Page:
China’s use of internment camps as part of a much maligned counterterrorism strategy is modeled on Western tactics, according to a Beijing-based diplomat.

“The relevant practices in China are no different from those in the U.K., France, and the U.S.,” Hua Chunying, a Foreign Ministry spokeswoman, told reporters. “We oppose double standards on counterterrorism.”

Chinese officials have cited the threat of terrorism to justify detaining hundreds of thousands of Uighur Muslims, as part of intense crackdown on the ethnic and religious minority. One of the top Communist officials recently defended the practice as a form of “de-extremization education,” but Western officials regard it as a human rights abuse unfolding on an industrial scale.

"They are all the active efforts we have made to prevent terrorism and eliminate extremism with the view to nipping the evil in the bud, curing the ‘sickness’ and saving people, doing our best to safeguard people's basic human rights, including their right to life and development, and protecting them from terrorism and extremism,” Hua said.

U.S. officials have put a spotlight on the Xinjiang camps in recent months, including lawmakers who want the president to impose sanctions on Communist Party officials involved in the repression.

“We believe that targeted sanctions will have an impact,” Sen. Marco Rubio, R-Fla., and Rep. Chris Smith, R-N.J., wrote in an August letter signed by a bipartisan group of lawmakers. “At a time when the Chinese government is seeking to expand its influence through the Belt and Road Initiative, the last thing China’s leaders want is international condemnation of their poor and abusive treatment of ethnic and religious minorities.”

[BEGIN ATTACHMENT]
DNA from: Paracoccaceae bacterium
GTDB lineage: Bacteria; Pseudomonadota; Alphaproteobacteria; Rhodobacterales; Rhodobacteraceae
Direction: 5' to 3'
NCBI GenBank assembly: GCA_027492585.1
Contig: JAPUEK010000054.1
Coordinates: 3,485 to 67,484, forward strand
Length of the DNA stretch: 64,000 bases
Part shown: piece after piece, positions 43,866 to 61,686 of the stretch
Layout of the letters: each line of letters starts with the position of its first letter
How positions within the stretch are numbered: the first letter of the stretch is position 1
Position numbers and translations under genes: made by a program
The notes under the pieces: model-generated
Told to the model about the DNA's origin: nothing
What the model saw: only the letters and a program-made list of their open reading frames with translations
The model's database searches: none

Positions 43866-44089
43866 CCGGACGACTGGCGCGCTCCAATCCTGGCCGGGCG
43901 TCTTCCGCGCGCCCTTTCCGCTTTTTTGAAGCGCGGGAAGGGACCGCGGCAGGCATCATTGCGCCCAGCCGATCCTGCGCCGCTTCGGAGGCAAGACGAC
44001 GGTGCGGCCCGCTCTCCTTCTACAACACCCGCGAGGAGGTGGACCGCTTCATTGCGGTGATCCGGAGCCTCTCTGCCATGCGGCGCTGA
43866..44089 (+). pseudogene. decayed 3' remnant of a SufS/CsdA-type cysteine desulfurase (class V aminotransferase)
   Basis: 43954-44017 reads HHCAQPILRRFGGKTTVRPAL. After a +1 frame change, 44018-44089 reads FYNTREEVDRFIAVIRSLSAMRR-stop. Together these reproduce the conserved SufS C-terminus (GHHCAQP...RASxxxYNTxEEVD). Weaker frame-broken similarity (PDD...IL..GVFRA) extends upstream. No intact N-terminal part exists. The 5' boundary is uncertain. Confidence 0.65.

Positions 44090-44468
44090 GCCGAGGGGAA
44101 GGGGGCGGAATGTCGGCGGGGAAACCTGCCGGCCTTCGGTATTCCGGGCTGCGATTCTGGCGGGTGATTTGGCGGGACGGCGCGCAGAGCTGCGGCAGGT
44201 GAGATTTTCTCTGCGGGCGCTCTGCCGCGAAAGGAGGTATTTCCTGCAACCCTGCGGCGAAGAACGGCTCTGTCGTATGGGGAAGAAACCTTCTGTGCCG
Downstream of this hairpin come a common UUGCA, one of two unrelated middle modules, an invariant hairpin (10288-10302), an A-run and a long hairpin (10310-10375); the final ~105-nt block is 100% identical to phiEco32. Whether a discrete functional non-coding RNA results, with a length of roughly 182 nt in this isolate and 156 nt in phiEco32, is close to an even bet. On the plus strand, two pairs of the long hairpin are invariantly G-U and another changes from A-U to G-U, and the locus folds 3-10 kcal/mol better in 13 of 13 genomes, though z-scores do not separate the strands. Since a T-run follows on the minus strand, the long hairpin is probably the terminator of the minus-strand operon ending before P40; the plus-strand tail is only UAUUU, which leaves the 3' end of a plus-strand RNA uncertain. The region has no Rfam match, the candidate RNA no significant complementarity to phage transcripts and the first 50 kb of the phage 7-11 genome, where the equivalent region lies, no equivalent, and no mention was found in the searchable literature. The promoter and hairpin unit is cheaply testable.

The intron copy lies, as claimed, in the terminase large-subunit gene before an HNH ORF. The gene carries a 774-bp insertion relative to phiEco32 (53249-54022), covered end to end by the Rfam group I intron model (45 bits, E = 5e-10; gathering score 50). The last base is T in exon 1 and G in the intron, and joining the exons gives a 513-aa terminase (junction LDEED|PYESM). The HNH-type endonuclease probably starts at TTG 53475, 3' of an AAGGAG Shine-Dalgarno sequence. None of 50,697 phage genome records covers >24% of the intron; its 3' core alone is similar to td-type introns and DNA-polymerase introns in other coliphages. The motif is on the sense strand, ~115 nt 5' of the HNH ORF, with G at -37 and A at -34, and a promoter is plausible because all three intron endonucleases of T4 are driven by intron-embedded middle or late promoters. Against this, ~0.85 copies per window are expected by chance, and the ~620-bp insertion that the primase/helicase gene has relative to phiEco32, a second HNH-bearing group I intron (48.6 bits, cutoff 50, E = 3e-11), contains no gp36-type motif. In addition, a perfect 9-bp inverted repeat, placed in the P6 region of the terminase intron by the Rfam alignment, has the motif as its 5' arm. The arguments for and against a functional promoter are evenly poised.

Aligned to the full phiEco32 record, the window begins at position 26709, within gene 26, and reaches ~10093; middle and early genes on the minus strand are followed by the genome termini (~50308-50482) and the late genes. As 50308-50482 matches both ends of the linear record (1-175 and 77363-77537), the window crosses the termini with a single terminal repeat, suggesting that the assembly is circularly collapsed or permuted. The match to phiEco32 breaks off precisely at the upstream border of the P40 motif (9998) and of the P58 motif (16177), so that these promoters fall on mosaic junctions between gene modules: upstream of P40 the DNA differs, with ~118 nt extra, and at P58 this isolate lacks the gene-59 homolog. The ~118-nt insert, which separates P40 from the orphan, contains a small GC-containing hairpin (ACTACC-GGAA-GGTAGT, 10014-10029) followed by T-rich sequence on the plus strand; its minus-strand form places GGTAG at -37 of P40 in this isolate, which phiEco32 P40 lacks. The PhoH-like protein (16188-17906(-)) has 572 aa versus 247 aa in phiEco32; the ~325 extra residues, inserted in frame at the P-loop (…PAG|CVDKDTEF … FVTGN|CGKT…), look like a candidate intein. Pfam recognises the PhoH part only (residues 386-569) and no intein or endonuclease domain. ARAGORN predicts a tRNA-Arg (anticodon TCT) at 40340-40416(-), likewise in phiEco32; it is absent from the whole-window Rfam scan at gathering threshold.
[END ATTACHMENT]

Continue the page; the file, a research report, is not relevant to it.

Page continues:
China responded to the condemnation by claiming that the camps are “people-oriented” and provide the Uighurs with valuable linguistic and vocational training. “Through vocational training, most trainees have been able to reflect on their mistakes and see clearly the essence and harm of terrorism and religious extremism,” Shohrat Zakir, chairman of the Xinjiang region, told a state-run media outlet. “They have notably enhanced national consciousness, civil awareness, awareness of the rule of law, and the sense of community of the Chinese nation.”

Zakir claimed that one “trainee” praised the camp, saying “it has actively saved and assisted me,” but Western authorities are more convinced by the horror stories of how the regime propagates those lessons.

“The stated goal of the current campaign is to ‘Sinicize religion’ and ‘adapt religion to a socialist society,’ suggesting that Beijing wagers that it now possesses the political, diplomatic, and technological capabilities to transform religion and ethnicity in Chinese society in a way that its predecessors never could, even during the peak horrors of the Cultural Revolution and other heinous Maoist campaigns intended to remake Chinese society,” Ambassador Kelley Currie, the second-ranked U.S. diplomat at the United Nations, told lawmakers in July.

Hua called for balanced reporting on the topic. “We hope that friends from the media can refrain from listening to the one-sided story and view the efforts made by other countries to effectively prevent terrorism and fight extremism in accordance with law in an objective way,” she said.